This huge kite drags cargo ships across the Atlantic Ocean

While you probably associate kites with your childhood, you may not associate them with the shipping industry.

One company is trying to change that by taking the humble kite to new heights. Founded by former Airbus engineers, French tech company Airseas invented the “Seawing”, a 1000m² parafoil which, according to its website, harnesses wind power to provide 90 tonnes of traction.

It is estimated that this could reduce the fuel consumption and emissions of freighters by up to 40%.

The shipping industry, which transports around 80% of the world’s goods, is a growing source greenhouse gas emissions, which Airseas is determined to change.

According to satisfied, container ships emitted 140 million metric tons of CO2 in 2020, while the industry as a whole accounted for 11% of global transport carbon emissions.

The company aims to equip 15% of the global cargo fleet with its Seawing technology by 2030.

The parafoil flies at an altitude of more than 200m and will be tested next year on the Ville de Bordeaux freighter. Currently chartered by Airbus to ship aircraft components across the Atlantic between France and the United States, the 154-meter vessel will participate in a six-month trial.

He will use a 500 m² half-Seawing to make the trip from France to the United States. The trial will run from January 2022 and has received formal approval from the classification society, Bureau Veritas, to begin operations at sea.

“Ten years ago, we embarked on the ambitious project of channeling our unique aviation expertise towards creating a cleaner and more sustainable shipping industry,” said Vincent Bernatets, CEO and co-founder of Airseas.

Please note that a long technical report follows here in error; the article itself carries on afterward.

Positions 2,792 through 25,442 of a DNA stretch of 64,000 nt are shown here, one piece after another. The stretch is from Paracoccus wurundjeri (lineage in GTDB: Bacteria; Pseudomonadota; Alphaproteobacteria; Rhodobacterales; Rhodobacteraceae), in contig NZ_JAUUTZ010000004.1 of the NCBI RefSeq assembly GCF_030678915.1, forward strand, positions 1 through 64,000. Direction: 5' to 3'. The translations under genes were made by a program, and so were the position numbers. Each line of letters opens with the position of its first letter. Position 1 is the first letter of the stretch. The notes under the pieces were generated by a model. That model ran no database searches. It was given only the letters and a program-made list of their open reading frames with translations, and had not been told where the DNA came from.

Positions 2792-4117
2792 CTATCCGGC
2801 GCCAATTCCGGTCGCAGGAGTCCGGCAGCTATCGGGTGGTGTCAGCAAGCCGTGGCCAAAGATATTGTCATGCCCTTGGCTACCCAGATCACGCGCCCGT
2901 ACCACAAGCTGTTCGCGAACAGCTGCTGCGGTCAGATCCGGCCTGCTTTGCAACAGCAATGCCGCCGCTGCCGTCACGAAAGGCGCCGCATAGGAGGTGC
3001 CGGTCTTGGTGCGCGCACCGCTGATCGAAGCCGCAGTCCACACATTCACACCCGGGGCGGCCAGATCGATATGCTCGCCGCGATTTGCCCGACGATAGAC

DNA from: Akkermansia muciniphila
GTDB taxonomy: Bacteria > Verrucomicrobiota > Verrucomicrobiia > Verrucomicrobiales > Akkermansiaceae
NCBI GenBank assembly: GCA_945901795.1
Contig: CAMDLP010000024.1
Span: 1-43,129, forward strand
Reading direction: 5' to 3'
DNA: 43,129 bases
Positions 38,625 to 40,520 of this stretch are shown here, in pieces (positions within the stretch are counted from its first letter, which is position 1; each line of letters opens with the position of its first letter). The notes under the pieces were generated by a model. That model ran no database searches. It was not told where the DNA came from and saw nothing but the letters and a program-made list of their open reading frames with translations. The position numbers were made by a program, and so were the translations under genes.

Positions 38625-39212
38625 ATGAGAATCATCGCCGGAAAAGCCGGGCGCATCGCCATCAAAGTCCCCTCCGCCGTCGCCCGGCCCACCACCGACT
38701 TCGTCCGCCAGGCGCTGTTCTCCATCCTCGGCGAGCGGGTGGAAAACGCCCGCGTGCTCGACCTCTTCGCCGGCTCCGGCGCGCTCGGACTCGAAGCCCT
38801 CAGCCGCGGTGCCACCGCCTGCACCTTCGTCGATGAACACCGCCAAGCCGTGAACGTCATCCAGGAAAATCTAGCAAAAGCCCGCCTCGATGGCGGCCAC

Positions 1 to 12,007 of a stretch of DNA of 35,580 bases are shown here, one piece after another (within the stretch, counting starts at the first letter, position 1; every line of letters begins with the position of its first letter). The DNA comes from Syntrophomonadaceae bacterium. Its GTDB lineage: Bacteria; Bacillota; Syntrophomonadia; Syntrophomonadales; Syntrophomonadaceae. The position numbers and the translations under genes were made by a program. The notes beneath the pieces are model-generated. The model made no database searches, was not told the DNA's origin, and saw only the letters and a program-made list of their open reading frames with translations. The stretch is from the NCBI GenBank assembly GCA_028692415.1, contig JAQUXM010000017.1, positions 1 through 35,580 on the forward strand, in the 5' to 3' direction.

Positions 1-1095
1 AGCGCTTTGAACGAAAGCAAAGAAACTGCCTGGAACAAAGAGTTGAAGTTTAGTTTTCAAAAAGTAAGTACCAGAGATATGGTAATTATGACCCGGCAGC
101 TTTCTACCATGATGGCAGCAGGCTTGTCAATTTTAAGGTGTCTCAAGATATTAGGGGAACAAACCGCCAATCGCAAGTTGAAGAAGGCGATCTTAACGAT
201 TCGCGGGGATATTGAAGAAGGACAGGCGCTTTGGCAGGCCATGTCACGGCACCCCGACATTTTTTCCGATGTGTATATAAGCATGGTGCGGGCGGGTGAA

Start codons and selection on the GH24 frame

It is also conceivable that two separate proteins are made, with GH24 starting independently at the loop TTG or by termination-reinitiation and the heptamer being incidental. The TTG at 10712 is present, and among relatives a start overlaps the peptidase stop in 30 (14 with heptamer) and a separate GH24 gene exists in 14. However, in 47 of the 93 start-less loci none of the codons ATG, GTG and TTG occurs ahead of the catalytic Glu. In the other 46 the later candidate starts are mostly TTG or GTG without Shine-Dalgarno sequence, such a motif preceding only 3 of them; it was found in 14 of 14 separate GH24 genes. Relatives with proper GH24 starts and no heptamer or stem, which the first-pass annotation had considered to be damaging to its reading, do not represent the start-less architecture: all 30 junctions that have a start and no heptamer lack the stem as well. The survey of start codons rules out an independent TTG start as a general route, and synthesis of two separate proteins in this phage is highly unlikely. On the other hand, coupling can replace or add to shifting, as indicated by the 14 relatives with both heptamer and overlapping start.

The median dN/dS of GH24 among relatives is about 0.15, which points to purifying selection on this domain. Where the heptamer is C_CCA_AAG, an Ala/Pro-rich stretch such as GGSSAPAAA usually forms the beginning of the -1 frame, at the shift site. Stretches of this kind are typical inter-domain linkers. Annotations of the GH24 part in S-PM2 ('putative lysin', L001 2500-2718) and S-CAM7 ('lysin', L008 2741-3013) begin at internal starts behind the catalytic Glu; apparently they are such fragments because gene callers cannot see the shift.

“Today, I am beyond proud to see that vision become reality, with our first Seawing poised to make a tangible difference for our planet.”

How does Seawing work?

According to Airsea, the Seawing is operated by a simple switch mechanism, which launches or retrieves the kite. It unfolds and then folds back on its own. All the while, the system collects weather and ocean data, allowing it to adapt to changing weather conditions.

“Given the urgency of the climate crisis, the world needs to see a drastic reduction in carbon emissions now. In shipping, we can achieve this using the full set of tools we have. we have today,” says Bernatets.

Seawing can be deployed on virtually any vessel, Airseas says, helping to support the transition to more sustainable fuels.

“Wind propulsion is one of them and will play a vital role in helping shipping achieve its much-needed decarbonization transition.”